What really struck me from this chapter that I tweeted last night :

I like how the focus is on the learner and not on the technology and the shift from teachers by giving students ownership of learning and a voice. It is a shift of control and pedagogy, the technologies are again tools that facilitate the sharing, feedback and collaborative learning community.

This past academic year, the students and I continued to focus on ownership of learning and sharing learning using many tools and apps, like Google Calendars for daily reflections that were shared with students and reflected on what has been accomplished and needs to be accomplished.

 We have also applied all Google apps for collaborative learning like Google Docs, Google drawing and forms. Edmodo was also a collaborative web tool for feedback and collaboration. IOS apps were tools for capturing students voices and thinking, Showme, audiboo, fottobabble, pic-collage and educreation, skitch, imovie, tellagami, audinotes, became common tools for explaining,applying and sharing learning.

Developing a learning community where students take ownership, share learning and comment on each other learning will build responsibilities. As mentioned by November" Blowing the Classroom Walls" or we also hear the term flattening the classroom walls, my goal will to reach a global audience on students voices not only within our board. The students shared global blogs on empathy and initiatives through Free The Children and they were always excited to know that their blogs have been visited from around the world. My class next year not only they will have an eportfolio they will also have blogs connecting to the global community.

Chapter 4- The student as researcher needs to be critical about the sources of the information and gather multiple perspectives. As students become responsible for their own learning they also learn to be critical researchers to ask better questions, find real answers and apply and analyze the information.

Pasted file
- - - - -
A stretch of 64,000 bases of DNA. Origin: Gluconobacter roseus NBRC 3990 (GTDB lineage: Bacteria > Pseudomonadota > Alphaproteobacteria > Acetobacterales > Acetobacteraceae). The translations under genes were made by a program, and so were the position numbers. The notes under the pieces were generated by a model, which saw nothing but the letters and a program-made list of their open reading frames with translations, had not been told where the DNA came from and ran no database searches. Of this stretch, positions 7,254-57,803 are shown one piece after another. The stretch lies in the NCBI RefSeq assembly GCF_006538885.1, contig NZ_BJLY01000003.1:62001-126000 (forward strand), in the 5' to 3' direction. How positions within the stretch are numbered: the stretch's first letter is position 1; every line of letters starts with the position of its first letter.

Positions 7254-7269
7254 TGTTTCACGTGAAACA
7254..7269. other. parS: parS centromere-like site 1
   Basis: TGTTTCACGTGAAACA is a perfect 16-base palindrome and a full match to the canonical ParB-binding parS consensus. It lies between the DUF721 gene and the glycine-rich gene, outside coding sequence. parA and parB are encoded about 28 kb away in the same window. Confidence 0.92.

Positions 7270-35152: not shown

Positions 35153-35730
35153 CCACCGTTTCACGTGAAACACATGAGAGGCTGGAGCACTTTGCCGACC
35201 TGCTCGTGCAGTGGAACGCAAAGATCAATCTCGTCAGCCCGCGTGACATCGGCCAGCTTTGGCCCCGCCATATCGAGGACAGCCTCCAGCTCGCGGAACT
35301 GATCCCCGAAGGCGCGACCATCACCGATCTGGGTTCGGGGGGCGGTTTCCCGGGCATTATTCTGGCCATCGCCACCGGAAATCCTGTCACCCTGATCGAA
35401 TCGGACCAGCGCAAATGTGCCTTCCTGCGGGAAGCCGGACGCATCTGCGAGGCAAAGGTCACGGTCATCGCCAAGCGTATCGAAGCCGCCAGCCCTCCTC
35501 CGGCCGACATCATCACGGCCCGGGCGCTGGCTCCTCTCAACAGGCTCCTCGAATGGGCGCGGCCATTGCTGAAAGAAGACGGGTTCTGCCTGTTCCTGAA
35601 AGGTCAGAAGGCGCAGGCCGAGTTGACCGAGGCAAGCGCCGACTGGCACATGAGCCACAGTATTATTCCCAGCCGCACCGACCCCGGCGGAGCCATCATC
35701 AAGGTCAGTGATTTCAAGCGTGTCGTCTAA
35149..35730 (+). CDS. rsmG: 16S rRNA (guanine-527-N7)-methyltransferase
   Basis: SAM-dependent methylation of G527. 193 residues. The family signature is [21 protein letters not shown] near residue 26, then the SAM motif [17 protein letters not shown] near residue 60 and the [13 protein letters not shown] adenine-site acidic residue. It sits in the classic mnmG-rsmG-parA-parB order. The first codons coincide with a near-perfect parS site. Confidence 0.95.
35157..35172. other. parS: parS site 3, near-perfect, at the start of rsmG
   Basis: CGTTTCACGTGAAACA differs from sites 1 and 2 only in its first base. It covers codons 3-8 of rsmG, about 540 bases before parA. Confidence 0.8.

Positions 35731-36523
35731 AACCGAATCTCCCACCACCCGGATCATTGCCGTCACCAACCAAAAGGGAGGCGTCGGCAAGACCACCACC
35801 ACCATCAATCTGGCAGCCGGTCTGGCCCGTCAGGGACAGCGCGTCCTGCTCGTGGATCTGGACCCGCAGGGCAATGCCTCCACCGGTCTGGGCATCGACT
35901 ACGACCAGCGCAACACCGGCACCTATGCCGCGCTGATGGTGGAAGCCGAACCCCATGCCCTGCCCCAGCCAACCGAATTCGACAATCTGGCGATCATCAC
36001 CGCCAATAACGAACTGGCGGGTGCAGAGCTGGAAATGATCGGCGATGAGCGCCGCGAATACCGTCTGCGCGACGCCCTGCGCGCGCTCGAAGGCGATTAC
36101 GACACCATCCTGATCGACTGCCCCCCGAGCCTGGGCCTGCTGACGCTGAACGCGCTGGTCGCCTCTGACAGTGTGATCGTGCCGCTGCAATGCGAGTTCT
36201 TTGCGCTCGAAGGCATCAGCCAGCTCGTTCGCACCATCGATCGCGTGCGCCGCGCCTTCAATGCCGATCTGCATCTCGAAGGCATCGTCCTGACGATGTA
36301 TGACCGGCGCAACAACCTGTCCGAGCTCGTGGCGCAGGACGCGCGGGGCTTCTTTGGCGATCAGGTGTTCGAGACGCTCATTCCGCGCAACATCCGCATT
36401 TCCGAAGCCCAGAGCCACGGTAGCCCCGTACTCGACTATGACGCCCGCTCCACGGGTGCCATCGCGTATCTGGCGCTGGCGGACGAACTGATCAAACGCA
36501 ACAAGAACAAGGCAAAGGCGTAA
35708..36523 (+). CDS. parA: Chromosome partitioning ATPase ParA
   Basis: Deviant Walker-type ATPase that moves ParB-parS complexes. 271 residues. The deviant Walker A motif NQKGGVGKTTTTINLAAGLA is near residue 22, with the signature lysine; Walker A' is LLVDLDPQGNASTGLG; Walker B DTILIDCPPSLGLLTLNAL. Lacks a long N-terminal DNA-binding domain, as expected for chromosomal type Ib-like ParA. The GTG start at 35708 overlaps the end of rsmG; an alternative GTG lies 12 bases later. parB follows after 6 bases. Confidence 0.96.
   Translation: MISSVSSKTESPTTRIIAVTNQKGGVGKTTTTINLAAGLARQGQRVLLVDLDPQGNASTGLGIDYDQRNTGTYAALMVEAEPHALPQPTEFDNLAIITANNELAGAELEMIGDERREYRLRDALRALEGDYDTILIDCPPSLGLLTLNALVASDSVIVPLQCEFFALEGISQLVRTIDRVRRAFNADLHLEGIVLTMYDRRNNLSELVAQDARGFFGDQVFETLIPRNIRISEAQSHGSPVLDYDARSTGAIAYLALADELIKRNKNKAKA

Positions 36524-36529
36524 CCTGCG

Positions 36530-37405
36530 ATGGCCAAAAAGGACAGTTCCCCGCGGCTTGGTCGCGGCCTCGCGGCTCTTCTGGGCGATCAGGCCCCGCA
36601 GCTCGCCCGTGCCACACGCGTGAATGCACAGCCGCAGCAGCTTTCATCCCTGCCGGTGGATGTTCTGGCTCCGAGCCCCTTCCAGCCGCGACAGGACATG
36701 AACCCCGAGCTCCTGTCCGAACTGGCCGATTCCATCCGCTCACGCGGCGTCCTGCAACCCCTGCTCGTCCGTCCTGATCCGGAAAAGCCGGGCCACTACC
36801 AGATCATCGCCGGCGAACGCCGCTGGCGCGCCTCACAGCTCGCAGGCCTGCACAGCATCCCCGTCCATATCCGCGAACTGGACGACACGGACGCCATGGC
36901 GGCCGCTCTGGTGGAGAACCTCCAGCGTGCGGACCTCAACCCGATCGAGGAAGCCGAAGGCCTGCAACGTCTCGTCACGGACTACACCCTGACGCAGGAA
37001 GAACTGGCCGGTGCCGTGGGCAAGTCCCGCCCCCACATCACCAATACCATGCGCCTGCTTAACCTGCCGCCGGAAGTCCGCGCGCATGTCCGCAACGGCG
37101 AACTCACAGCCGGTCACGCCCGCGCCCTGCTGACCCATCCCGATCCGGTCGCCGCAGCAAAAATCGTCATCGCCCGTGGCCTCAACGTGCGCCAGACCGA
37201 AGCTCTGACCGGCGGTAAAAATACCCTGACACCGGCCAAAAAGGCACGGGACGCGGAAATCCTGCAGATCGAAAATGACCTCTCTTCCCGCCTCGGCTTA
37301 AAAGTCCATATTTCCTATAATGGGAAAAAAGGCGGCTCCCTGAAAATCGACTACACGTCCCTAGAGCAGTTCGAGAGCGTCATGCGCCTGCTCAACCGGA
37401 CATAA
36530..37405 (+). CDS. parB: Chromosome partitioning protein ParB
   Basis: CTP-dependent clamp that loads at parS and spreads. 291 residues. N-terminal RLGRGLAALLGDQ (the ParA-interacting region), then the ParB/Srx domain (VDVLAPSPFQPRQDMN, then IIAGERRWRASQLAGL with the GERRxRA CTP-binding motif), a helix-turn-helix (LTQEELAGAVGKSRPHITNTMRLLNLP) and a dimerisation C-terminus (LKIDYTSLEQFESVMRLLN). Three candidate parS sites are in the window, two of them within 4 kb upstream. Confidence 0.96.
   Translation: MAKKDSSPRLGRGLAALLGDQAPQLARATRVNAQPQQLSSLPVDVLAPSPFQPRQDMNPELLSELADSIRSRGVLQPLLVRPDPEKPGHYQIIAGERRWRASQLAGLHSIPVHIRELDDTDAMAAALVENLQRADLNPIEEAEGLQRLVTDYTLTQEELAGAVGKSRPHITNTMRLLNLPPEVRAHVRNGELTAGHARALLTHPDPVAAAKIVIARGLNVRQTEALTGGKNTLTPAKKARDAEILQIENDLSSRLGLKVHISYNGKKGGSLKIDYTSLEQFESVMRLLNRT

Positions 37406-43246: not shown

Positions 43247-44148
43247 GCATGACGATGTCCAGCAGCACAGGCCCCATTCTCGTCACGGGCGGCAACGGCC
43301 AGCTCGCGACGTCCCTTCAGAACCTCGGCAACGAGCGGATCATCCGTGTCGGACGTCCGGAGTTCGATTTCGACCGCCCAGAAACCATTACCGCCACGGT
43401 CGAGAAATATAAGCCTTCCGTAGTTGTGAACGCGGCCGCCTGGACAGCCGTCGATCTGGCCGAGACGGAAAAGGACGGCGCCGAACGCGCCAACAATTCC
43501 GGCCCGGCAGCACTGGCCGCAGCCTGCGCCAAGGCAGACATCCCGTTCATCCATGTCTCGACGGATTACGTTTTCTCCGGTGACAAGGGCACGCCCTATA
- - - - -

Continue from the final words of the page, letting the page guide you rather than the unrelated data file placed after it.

I did this year share the following posters from Google about searching techniques. We practiced the techniques and it did help the students focus on quicker searches.

I teach French Immersion to junior students grades 4, 5 and 6. The students search in English their curriculum inquiries or curiosities. French is a second language for them and it is difficult for the students to read the French version of the search. We focus on note taking strategies at the beginning of the year and how to read and determine the essential ideas in English and transfer their learning to French. some of these strategies involve annotation on Google docs and many organizers.

I am excited about the coming year as we are learners with our students and to be part of a learning global community. Reflecting, consolidating ,ownership of learning, student voice, self-assessing, peer-assessing are part of the learning pedagogy and technologies support and reach classroom and global audiences of the lager community of learning. I look forward to reading the last 2 chapters and reflecting on #cyberpd blogs of the larger community of learning.

Tuesday, July 9, 2013

Who Owns The Learning

I am finally catching up to the #cyperpd2013 Chapters 1&2 of "Who Owns The Learning" by Alan November.

Alan November focuses on authentic tasks in which students encounter success and work harder to achieve. November refers to “The Digital Learning Farm” is the use of technologies for more active participation and to give more ownership in the educational process.Where students are contributors and students acquire more skills that will motivate them to collaborate and connect globally.Technology enhances the power of collaboration and students work together in a classroom community and global community.bringing the world into the classroom.
November stresses on the importance of autonomy/ownership of learning giving students a purpose that improves their learning outcomes. When students design their learning the teacher is able to spend more quality time conferencing with students and understanding their learning styles.  

Students will be motivated not only to share learning with their teacher and classmates as well to share their learning with a global audience. November give examples of students creating tutorials explaining class topics that generate creative and an innovative learning experiences.

This an important shift in the classroom culture where teachers build a culture of collaborative respectful learning that is shared and reflected upon. This culture has to be set and adapted at the beginning of the year. Students need to co-construct criteria that leads to this collaborative learning environment.